In-flight Exercises Staying Fit in the Air
By Western Berks on March 21st, 2016
The media has paid a great deal of attention to suggestions that passengers exercise during flights, particularly those lasting four hours or more. Although some reports may have been sensationalized, it is true that exercise reduces the risk of deep vein thrombosis (DVT).
DVT is a condition where a clot occurs in a deep vein, typically in the lower leg, although it can occur in other areas such as the arm. Most clots are small and will dissipate on their own. Larger ones may cause:
- Swelling and pain in the calf
- Intense pain upon standing
- A pulmonary embolism if the clot travels to your lungs, possibly resulting in death.
The longer a person is immobile, the greater the risk of DVT. Therefore, experts believe that you can reduce your risk during airplane travel by exercising whenever possible. Clearly, however, this is no easy task, given the cramped parameters of an airplane.
One of the first things you can do to improve mobility during a flight is to stand up once each hour. Try to walk up and down the aisles several times, stopping to stretch whenever possible. You can also try these exercises:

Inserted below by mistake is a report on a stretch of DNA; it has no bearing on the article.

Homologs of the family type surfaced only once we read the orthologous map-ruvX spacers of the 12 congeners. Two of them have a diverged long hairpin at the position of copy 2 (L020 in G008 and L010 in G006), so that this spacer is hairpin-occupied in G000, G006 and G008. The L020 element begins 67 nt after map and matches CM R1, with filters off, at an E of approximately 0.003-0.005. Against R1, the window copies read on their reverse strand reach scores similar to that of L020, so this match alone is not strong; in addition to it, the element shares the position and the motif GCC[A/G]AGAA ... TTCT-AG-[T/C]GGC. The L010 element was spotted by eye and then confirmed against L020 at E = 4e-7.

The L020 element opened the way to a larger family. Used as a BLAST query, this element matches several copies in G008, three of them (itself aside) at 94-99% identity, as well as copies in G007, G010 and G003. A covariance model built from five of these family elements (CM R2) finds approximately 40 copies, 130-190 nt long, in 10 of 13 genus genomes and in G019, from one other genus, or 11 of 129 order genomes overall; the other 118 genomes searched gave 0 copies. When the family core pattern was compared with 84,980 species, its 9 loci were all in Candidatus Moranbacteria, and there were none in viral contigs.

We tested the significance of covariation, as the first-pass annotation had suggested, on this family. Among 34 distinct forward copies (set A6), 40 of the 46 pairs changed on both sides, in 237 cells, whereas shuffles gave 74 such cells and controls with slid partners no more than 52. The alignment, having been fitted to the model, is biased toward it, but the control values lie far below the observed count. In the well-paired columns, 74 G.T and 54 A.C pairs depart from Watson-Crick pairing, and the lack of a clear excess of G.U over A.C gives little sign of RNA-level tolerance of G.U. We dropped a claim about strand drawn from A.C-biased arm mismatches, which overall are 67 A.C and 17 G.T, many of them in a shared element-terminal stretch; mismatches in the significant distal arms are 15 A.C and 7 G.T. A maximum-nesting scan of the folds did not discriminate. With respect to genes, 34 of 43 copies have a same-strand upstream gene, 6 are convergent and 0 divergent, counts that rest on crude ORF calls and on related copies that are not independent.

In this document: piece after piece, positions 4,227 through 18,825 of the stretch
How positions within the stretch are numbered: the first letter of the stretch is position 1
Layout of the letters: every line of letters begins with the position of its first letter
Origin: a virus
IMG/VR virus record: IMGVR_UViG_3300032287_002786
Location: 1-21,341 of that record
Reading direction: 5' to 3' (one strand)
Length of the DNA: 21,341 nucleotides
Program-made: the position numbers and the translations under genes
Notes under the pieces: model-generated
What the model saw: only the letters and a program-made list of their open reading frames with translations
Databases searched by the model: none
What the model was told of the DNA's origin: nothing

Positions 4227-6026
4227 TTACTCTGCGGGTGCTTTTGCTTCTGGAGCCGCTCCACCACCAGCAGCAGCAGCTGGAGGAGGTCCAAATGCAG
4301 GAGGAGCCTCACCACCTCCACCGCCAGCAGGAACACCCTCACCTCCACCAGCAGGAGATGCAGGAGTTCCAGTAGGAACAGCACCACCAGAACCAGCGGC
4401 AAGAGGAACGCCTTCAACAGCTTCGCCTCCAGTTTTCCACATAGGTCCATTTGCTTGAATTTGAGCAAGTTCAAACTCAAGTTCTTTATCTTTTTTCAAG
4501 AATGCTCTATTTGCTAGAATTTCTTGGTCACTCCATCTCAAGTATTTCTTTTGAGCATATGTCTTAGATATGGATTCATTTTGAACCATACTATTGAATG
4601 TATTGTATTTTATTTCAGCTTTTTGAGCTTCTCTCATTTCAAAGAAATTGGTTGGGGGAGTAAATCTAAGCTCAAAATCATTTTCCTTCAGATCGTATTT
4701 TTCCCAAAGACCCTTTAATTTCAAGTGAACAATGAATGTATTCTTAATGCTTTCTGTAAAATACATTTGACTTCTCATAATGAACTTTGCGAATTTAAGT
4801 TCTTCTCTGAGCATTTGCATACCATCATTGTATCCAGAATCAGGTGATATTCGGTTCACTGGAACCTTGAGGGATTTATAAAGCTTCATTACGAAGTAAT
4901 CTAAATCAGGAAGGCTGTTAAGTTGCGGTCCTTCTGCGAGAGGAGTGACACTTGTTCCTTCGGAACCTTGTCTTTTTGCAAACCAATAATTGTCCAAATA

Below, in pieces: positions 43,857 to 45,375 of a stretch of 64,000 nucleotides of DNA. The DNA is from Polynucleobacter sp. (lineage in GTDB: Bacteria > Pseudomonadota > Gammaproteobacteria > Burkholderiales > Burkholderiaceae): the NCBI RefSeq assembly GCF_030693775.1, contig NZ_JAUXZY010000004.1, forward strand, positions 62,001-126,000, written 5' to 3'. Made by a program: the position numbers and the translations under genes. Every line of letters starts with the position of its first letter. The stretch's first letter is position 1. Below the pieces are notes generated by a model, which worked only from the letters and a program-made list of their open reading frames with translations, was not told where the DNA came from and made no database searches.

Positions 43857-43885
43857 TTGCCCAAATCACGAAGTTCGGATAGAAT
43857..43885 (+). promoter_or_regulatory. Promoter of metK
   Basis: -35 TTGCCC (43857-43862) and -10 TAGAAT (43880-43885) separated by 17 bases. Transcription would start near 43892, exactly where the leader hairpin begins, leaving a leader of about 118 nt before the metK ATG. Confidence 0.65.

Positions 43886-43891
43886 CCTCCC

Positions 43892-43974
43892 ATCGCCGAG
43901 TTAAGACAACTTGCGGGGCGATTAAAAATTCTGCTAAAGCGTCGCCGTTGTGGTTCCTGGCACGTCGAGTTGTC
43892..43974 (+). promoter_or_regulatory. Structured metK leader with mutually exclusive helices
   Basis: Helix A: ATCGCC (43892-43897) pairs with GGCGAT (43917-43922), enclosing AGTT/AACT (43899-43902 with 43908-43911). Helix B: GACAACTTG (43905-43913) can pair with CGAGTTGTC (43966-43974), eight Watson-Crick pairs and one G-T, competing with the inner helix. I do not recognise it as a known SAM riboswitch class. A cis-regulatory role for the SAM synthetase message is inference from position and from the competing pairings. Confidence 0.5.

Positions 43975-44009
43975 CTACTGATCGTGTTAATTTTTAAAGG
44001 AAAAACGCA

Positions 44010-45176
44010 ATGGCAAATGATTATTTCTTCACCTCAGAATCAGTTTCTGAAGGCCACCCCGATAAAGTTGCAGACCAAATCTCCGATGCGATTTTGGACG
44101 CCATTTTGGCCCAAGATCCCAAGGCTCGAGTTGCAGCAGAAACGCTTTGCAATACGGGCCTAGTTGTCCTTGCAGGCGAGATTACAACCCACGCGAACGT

- Heel and calf raises by rising up on your toes
- Squeeze a tennis ball or racquetball in your hand
- Ankle circles and knee lifts while seated
Remember that the risk of DVT is similarly present during car travel although, because people tend to stop for beverages, meals or toilet breaks, the risks may not be as great. If you travel by car, ensure that you take a rest stop at least once every two hours. When you do stop, be sure to stretch before doing any kind of exercise.
If you have plans for a long flight or car trip, talk to us here at Western Berks Physical Therapy about additional exercises and tips for reducing your risk of DVT. By taking simple measures to maintain a healthy body, you can keep your focus on enjoying your trip.